US 8059709 B2 Abstract This invention relates to a space-time coding method for a UWB transmission system comprising two radiation elements. This method codes a block of information symbols (S=(a
_{1},a_{2},a_{3},a_{4})) belonging to a PPM modulation constellation or a PPM-PAM composite modulation constellation with a number of time positions greater than or equal to 3, into a sequence of vectors (c_{1} ^{0},c_{2} ^{0},c_{1} ^{1},c_{2} ^{1}), the components of a vector being intended to modulate a UWB pulse signal for a radiation element of said system and for a given transmission interval (T_{f}). A first and a second of said vectors are obtained by means of a first linear combination of a first and a second pair of said symbols, and a third and a fourth of said vectors are obtained by means of a second linear combination of said first and second pairs of said symbols, the first and the second linear combinations using scalar coefficients ({tilde over (α)}, {tilde over (β)}, −{tilde over (β)}, {tilde over (α)}) of which the corresponding ratios are approximately equal to the Golden number and to its opposite, the components of one of said vectors also being permuted according to a cyclic permutation prior to modulating said pulse UWB signal.Claims(5) 1. Space-time coding method for an ultra wide band (UWB) transmission system comprising two radiation elements, said method comprising the steps of:
coding a block of information symbols (S=(a
_{1}, a_{2}, a_{3}, a_{4})) belonging to a pulse position modulation (PPM) modulation constellation or a pulse position modulation-pulse amplitude modulation (PPM-PAM) composite modulation constellation with a number of time positions greater than or equal to 3, into a sequence of vectors (c_{1} ^{0}, c_{2} ^{0}, c_{1} ^{1}, c_{2} ^{1 }the components of a vector being intended to modulate a UWB pulse signal for a radiation element of said system and for a given transmission interval (T_{f}),characterised in that a first and a second of said vectors are obtained by means of a first linear combination of a first and a second pair of said symbols,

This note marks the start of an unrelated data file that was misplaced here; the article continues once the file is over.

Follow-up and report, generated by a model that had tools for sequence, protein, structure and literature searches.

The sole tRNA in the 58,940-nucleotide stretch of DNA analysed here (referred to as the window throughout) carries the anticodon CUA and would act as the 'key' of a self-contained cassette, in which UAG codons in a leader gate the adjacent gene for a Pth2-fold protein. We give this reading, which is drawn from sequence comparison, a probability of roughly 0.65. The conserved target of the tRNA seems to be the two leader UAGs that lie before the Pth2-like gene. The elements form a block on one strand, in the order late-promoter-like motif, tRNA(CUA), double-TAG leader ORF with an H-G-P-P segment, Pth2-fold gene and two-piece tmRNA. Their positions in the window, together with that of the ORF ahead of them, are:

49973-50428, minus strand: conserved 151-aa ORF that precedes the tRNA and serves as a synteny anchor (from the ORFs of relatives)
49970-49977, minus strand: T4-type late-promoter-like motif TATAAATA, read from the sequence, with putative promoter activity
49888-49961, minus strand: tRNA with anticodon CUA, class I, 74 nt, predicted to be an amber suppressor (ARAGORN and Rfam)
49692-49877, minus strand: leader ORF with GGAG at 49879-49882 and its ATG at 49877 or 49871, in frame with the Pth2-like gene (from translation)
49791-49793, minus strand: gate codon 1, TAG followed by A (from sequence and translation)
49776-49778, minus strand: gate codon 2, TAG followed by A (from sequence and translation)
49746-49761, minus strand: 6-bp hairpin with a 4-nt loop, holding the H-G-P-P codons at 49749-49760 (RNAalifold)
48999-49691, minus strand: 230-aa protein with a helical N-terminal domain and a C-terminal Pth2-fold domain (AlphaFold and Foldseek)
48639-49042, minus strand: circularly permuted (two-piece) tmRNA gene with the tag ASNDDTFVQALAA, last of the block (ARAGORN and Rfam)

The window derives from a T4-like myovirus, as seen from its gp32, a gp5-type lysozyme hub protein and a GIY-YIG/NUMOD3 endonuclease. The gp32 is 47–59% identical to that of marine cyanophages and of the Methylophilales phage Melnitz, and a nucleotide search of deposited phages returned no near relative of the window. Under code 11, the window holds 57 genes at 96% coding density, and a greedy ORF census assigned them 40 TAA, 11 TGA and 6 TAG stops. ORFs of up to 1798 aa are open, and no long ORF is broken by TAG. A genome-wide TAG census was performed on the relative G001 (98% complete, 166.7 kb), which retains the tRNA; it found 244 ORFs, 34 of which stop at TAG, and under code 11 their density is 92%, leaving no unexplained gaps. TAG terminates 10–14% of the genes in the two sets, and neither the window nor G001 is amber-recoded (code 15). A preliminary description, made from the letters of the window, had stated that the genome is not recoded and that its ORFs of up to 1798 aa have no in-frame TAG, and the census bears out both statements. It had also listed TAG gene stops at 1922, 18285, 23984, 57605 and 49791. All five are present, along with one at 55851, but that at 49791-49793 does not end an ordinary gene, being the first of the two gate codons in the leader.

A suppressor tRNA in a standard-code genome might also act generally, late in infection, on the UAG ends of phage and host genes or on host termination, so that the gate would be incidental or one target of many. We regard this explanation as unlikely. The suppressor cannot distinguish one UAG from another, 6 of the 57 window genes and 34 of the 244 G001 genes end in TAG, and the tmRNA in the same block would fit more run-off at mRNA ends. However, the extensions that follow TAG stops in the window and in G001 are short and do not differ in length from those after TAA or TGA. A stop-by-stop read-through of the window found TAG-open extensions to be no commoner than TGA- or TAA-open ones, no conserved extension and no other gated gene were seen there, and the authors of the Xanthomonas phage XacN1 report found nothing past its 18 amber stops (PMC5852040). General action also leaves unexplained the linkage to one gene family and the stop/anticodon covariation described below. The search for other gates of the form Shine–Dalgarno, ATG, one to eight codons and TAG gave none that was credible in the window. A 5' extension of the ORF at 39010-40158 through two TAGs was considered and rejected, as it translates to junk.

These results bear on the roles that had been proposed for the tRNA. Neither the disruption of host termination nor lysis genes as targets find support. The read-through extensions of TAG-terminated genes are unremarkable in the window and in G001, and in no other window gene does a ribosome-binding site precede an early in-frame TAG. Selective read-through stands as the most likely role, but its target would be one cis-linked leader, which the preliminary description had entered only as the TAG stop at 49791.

and in that a third and a fourth of said vectors are obtained by means of a second linear combination of said first and second pairs of said symbols, the first and the second linear combinations using scalar coefficients ({tilde over (α)}, {tilde over (β)}, −{tilde over (β)}, {tilde over (α)}), of which the corresponding ratios are approximately equal to the Golden number and to its opposite,
the components of one of said vectors also being permuted according to a cyclic permutation prior to modulating said pulse UWB signal.
2. Method for transmitting a plurality of information symbols belonging to a PPM modulation constellation or a PPM-PAM composite modulation constellation having a number of time positions greater than or equal to 3,
characterised in that said information symbols are coded using the space-time coding method according to one of the previous claims to supply said first, second, third, and fourth vectors,
the components of each of these vectors modulating the position or the position and amplitude of pulses forming a pulse UWB signal to obtain four modulated pulse UWB signals, these four signals being transmitted by a first and a second radiation element during a first and a second transmission interval respectively.
3. Method according to
4. Method according to
5. Method according to